Opinion: A trench once again divides Europe – and it’s not the English Channel

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Seventy years ago, the countries of Europe discovered a new way to prevent a heated feud between nations from erupting in the Third World War.

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The feud was centered here in the Saarland, the far-western part of Germany that happened to hold most of Western Europe’s coal reserves and steelmaking capacity. France, which was struggling to re-industrialize after the war because it lacked its coal supplies, wanted to seize the Saarland as war reparations, as it had done after World War I. . But the American occupiers and Germany’s new democratic leaders feared it would produce the same result: a spiral of bitter nationalism in an economically isolated and impoverished Germany that would once again lead to insurgency and war.

In 1951, the Treaty of Paris offered Europe a solution: the coal and steel industries would not belong to any country – they could enjoy markets and investment in all of Europe’s democracies as if they were a single country.

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The agreement would later be expanded to include almost all industries and dozens of other countries. For this to work, it needed free movement of labor and shared rights of residence, standardization of trade rules and regulations, a democratic assembly to hold it accountable, and a high court to ensure that companies and workers would be subject to . Uniform principles of justice and fair treatment in each member country.

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The agreement, which was renamed the European Union in 1992, is celebrating its 70th birthday in a mood of fear and tension. I have spent weeks talking to European officials and national politicians, and there is a shared feeling that the EU is facing a unique moment of existential threat.

It has nothing to do with Brexit. In fact, I wonder how little the UK captures the views of European leaders, only months after the country formally withdrew from the EU. In hour-long briefings about the continent’s troubled state, Britain usually doesn’t arrive at all – the price of its departure was on the market long ago, the deal is done, its finance sector has moved to Paris and Frankfurt, and the Post The Brexit crisis is completely within its limits.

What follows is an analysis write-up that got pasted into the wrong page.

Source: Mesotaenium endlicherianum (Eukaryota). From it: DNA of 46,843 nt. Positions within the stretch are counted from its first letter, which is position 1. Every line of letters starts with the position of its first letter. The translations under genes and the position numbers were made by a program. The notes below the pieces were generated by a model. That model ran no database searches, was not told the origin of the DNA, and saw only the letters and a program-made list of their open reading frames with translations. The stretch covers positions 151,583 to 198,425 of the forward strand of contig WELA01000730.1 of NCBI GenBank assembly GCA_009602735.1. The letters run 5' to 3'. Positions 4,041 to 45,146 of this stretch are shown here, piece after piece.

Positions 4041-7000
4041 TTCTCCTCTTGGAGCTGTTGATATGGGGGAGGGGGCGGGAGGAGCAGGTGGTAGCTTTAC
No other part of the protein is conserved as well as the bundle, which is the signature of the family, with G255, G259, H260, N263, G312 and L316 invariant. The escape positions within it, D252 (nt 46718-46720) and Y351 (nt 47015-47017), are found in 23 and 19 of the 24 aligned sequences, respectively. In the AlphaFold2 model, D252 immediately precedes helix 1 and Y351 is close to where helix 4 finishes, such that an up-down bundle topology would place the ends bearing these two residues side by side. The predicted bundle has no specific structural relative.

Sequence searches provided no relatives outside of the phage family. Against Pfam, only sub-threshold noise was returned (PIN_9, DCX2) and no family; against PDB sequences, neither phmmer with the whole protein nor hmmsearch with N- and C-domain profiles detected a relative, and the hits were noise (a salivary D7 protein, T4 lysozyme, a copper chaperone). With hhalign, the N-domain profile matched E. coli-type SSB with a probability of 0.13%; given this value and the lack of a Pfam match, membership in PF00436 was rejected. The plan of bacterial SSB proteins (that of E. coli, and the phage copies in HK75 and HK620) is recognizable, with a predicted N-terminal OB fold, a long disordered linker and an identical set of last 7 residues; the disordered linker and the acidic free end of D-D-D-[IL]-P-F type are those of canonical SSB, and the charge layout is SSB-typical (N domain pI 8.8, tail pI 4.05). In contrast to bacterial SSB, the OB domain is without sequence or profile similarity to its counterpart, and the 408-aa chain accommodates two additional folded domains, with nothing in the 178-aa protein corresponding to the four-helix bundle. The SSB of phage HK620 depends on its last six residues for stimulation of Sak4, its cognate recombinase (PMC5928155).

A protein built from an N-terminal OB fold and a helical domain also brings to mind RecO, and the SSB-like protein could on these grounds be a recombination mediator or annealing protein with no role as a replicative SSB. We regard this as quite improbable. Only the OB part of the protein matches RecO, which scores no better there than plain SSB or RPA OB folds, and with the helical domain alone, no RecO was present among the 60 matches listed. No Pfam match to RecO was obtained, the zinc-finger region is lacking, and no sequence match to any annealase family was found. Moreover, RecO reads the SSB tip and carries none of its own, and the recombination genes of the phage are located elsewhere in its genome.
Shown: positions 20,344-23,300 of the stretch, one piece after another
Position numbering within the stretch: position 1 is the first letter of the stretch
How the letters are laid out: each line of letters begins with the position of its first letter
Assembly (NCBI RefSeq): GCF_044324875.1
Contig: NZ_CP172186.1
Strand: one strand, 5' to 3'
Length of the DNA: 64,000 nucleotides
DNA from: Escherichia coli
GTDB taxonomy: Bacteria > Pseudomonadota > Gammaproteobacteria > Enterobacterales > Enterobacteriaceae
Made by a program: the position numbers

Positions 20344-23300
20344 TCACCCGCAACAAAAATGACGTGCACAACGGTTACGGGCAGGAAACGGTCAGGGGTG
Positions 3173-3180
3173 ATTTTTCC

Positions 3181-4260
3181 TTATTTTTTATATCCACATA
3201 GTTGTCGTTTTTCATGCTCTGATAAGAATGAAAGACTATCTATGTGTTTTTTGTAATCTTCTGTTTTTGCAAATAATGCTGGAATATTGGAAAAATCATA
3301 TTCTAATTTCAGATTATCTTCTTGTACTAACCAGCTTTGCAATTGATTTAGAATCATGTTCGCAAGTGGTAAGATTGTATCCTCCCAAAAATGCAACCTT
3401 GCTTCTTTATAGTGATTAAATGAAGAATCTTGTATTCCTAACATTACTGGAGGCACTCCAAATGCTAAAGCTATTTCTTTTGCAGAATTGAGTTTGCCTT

Rather, the threat to Europe now comes from its eastern border. And this week it exploded into the least well-understood jurisdiction of those main European-unity institutions, the aforementioned European Court of Justice (ECJ).

Poland and Hungary are both currently governed by governments with a deep disdain for the EU and its values ​​and will likely launch a Polexit and Hungexit if it is politically possible. But their population, even voters of their own parties, are in favor of the union and the resulting jobs and money – and Britain’s horrific five-year exit odyssey is not something one wants to repeat (as of now). for). So they are determined to systematically weaken and destabilize the block from within.

Last week, Poland’s Supreme Court ruled that the Luxembourg-based ECJ has no authority to pass judgments on its decisions. Hungary recently made a similar announcement. These may seem like legitimate disputes over judicial independence (Germany, France and Ireland have also recently opposed ECJ rulings). But the underlying issue is far more serious.

The far-right governments of Poland and Hungary have both imposed systems that seriously curtail the independence of their courts. In the case of Poland, the disciplinary body of the Supreme Court is filled with political figures, making it word According to Human Rights Watch, “composed of ruling party loyalists whose goal is to take immunity from judges who criticize the government and initiate disciplinary and criminal proceedings against them.” In July, the ECJ ruled that it could not be considered a legitimate judicial body.

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In other words, those fundamental peace-keeping principles established in 1951 – including the assumption that businesses and workers will be subject to fair and equal laws in every country – are under threat.

In retaliation, last week the European Commission announced that Poland and Hungary would no longer be eligible for billions of euros from massive post-pandemic recovery funding. On Monday, both countries tried to fight that painful decision, ironically by taking it to the ECJ. The judicial leaders of the ECJ told me that they were shocked by this contradiction of jurisdiction.

To make matters worse, the feud between France and the United States over submarine deals with Australia threatens to further isolate Eastern and Western Europe. Former communist states have an almost religious belief in NATO, while French President Emmanuel Macron has doubled down on calls for an independent European defense force, in retaliation for President Joe Biden’s deputy insult.

Top German officials are clearly saying that if Mr Biden and Mr Macron are unable to resolve their differences over defense when they meet next week, the “gap between Eastern Europe and Western Europe” opened by the judicial dispute will further Can be wide. And if German leaders are talking about trenches, you know things are not good.

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